Digital Review

The Collected Letters of Robert Southey: A Romantic Circles Edition. General Editors: Lynda Pratt, Tim Fulford, and Ian Packer[Record]

  • Michael Gamer

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  • Michael Gamer
    University of Pennsylvania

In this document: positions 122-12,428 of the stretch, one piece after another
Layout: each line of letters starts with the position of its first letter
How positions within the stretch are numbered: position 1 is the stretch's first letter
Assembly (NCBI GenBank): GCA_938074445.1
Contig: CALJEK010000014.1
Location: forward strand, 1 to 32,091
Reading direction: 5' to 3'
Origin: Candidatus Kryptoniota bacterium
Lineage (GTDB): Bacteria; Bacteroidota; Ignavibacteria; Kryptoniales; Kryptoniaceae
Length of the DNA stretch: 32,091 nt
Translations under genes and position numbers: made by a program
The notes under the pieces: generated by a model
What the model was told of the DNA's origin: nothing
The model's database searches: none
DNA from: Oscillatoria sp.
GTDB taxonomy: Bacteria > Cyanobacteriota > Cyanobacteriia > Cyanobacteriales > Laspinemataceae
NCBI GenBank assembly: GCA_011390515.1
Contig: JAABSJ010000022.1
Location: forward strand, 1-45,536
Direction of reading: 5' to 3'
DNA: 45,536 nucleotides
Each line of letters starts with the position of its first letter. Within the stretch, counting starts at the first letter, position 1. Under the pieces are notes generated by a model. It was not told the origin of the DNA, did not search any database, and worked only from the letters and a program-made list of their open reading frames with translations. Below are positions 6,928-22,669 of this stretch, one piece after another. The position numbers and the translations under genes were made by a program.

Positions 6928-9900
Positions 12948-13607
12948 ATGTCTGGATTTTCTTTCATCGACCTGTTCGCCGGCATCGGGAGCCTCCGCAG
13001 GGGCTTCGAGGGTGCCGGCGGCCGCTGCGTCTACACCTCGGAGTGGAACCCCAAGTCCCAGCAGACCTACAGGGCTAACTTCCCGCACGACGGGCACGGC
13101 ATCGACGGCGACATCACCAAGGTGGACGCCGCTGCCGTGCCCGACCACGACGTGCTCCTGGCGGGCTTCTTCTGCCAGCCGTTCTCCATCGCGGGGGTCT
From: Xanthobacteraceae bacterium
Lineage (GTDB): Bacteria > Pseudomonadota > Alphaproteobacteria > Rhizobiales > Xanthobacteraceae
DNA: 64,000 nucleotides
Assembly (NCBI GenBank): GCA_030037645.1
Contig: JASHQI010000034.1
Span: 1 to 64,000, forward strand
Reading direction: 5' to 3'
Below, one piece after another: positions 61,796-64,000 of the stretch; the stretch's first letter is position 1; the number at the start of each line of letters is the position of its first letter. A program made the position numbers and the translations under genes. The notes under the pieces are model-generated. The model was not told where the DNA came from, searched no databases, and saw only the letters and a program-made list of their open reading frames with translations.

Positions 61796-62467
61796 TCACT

Early in my years of graduate study, I had what might be called a “Robert Southey moment”—loosely defined as that instant when you become aware not only of your ignorance of Southey’s writings but also that your disregard of him is willfully, even entirely, wrong. Having encountered Southey as an undergraduate only through Byron’s withering Dedication to Don Juan, I met with a powerful counter-narrative in Marilyn Butler’s “Repossessing the Past: The Case for an Open Literary History,” a foundational essay in the Rethinking Historicism (1989) collection that also featured landmark articles by the likes of Marjorie Levinson, Paul Hamilton, and Jerome McGann. But it was Butler’s piece that charmed me most, and that sent me to the stacks to read Joan of Arc, Thalaba, Kehama, and the 1797 and 1799 collections. “Poets we have installed as canonical look more interesting individually, and far more understandable as groups,” she declared, “when we restore some of their lost peers” (64). The Southey that emerged in Butler’s manifesto was at once central to the age and key to understanding other writers. He appeared, moreover, in several guises: as surprising trendsetter, dogged adversary, and lasting influence. Here was a writer crucial to the Lyrical Ballads project and conspicuous in the longer poems of the Regency, the journalism of the post-Waterloo years, and the biographies and histories of the 1820s. Where my undergraduate years had introduced me to six major Romantic poets who seemed to have nothing to do with one another, each aloofly occupying his respective bit of Parnassus, figures like Southey—and later Bage, Barbauld, Edgeworth, Godwin, Lewis, Moore, Radcliffe, Robinson, Scott, Wollstonecraft, and countless others—promised a world of writers at once connected and contentious, a universe expanding. That sense of romanticism has only magnified for me in subsequent years. A writer of broad acquaintance and omnivorous interests, Robert Southey produced a body of correspondence which dwarfs that of most other prominent writers both in quantity and range. Among eighteenth-century and romantic-period letter writers, Southey rivals Voltaire, Horace Walpole, and Catherine the Great in the size of his correspondence. As of 2009, however, only thirty percent of his letters had been published, and these were spread over multiple editions at once out of print and hard to find. Beginning with the March 2009 release of Part One: 1791-1797, the Romantic Circles edition of The Collected Letters of Robert Southey has set out to redress this problem. In the intervening nine years, the editorial team of Lynda Pratt, Ian Packer, Tim Fulford, and Carol Bolton has published five more parts, making this by far the most ambitious Romantic Circles edition to date. As Lynda Pratt mentioned in a private exchange, a project of this scale wouldn’t be possible without the technical expertise of Laura Mandell, David Rettenmaier, and others at Romantic Circles. Especially valuable, she notes, is their help in “developing its searchability—e.g., you can click on in-text hyperlinks to key people in Southey’s life and to information about the places he was linked to (the latter are keyed into a map); indices allow you to see letters listed by their addressee, and also by the person/s mentioned in them.” While the project passed its halfway mark with the March 2017 publication of Part Six: 1819-1821, some 3,723 letters remain to be published. When completed, the edition will boast at least 7,500 letters from over 300 correspondents. It’s worth dwelling on the magnitude of this project. One might begin with the 200 archives the editors have scoured for manuscript letters, with the attendant processes of corresponding with librarians, …